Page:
And *any* mastering engineer will tell you -- You are, and will only ever be as good as your monitors (and your room) allow you to be. Before you drop *any* money on *any* piece of gear, drop a lot of money on speakers and room treatment.

    $3500 for an EQ is spit compared to what most mastering facilities have invested in their monitoring. I can do better work with Reaper (shareware software) all by itself and good loudspeakers than my entire processing chain and a pair of cheapie nearfields.
  5. Thomas W. Bethel

    Thomas W. Bethel Well-Known Member


    You have one of the best mastering engineers around in your town. His name is Dave Davis http://www.soundimages.com/cgi-bin/WebObjects/PWDA.woa/wa/page?id=6543 and you could not find a better mastering engineer IMHO to do the work on this album.

    Frankly all you are going to do is waste your time and the band's time.

    From your one statement "I've offered to make a pass at mastering for them, in case they don't want to spend the extra money to have someone else do it" I get the idea that you want to do this more than you want them to get the stuff professionally mastered. Your equipment is to put it nicely "not ready for prime time" and it will not allow you to do a good job on the band's material.

    I suggest you have the band contact Dave Davis for their mastering and if you want to have a go at it and continue to learn with what you have and see what you can come up with then by all means do it. You are, by your own admission, not a mastering engineer so let the band get their stuff professionally mastered and maybe you can attend the session and learn a lot about what it takes to do professional level mastering.

    Best of luck!
  6. Space

    Space Well-Known Member

    I was thinking, Mastering audio seems to be like flying a plane. If you have to ask what kind of equipment it takes, you don't have any business flying!

    edit: it, you don't have any business flying it, like boss, boss; the plane the plane?
  7. Thomas W. Bethel

    Thomas W. Bethel Well-Known Member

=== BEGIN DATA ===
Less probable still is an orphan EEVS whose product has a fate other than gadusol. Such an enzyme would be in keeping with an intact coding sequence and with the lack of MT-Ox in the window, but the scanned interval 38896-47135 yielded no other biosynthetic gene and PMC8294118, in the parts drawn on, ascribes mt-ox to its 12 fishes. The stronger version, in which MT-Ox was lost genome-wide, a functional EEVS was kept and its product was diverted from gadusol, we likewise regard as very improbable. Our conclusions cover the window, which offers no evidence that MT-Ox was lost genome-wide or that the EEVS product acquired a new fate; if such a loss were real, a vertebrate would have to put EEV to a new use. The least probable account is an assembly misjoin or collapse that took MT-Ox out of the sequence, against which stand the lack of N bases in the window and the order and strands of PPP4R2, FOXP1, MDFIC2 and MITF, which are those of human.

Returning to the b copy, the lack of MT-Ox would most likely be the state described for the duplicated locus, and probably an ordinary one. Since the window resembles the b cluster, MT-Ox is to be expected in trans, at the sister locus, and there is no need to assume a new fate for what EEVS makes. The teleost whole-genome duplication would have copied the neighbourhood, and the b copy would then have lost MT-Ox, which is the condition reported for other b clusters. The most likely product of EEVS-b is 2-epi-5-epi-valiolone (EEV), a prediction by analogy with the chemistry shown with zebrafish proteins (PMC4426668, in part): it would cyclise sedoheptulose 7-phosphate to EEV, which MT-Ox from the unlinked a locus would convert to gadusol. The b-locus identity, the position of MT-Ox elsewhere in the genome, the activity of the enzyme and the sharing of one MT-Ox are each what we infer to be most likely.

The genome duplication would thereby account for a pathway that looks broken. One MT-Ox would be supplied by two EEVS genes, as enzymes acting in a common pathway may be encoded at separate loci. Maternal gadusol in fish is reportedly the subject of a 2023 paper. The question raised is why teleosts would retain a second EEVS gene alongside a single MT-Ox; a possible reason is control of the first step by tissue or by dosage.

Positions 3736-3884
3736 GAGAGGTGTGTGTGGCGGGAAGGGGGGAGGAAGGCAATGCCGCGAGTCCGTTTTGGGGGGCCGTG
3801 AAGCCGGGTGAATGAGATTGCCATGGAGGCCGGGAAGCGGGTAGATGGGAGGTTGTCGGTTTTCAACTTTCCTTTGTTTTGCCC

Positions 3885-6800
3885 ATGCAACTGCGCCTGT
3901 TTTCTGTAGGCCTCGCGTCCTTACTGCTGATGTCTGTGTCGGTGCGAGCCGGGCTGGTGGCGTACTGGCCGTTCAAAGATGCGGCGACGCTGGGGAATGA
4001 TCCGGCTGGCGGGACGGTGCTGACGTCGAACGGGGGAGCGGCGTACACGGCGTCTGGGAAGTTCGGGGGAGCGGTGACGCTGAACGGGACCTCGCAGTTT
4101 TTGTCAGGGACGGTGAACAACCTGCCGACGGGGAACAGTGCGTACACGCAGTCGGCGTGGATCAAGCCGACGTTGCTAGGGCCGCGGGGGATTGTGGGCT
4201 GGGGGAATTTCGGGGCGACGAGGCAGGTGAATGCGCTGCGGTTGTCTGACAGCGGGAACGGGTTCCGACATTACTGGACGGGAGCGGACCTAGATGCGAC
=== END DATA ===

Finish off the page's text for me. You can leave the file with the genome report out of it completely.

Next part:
But I like to fly business class....<GRIN>
  8. Link555

    Link555 Well-Known Member

    Wow... Personally, I think you should try your best shot and see what happens.

    These guys are probably right, you will likely to take the mix to an ME. But hey you've got to start somewhere.

    As for Gear I have to admit what you currently have is not going to make the mix sound any better even used marginally. But still you should try it for yourself and make up your own mind.

    As for monitors and the room, I have to echo everyone’s thoughts here, good monitors in a decent room allow you to do the job. Without out those two things its very hard to tell what you doing to the mix. My monitor chain alone is now over $9,000. My acoustic treatments are above $2,000. So money, money….

    Mastering is really not a black art, in my opinion. I think with the right gear and time anyone with decent ears and the desire can learn it. Job protection often causes some mastering engineers to push the black art idea. So all I am saying is a little trial and failure is not a bad thing, practice is always good, even if the outcome isn’t. J
    Best of luck!
  9. Thomas W. Bethel

    Thomas W. Bethel Well-Known Member

    Mastering is not and has never been a black art.

    It is just done wrong by so many people that when you find someone who is good at it you THINK they are doing magic :cool: .

  10. soapfloats

    soapfloats Well-Known Member

    Wonderful posts guys - and Dave Davis is one of the guys who taught the workshop I attended. His room(s) @ Sound Images are awesome!!

    I'll probably just try and do an in the box "master" - rather, some EQ and levelling. I've got a bunch of old st tracks from my Yamaha AW16G I'd like to touch up anyways, and this would make a good test run.

    Actually, *they* don't want to spend the money it would take to have Dave do it. So I said I'd give it a try.

    And I know that equipment isn't up to par - I just wondered if it could improve my mixes at all (the EQ was intended for my monitors to help with the room, and the comp for tracking).

    Thanks again for the input. Hopefully I've helped create a decent conversation, at the least.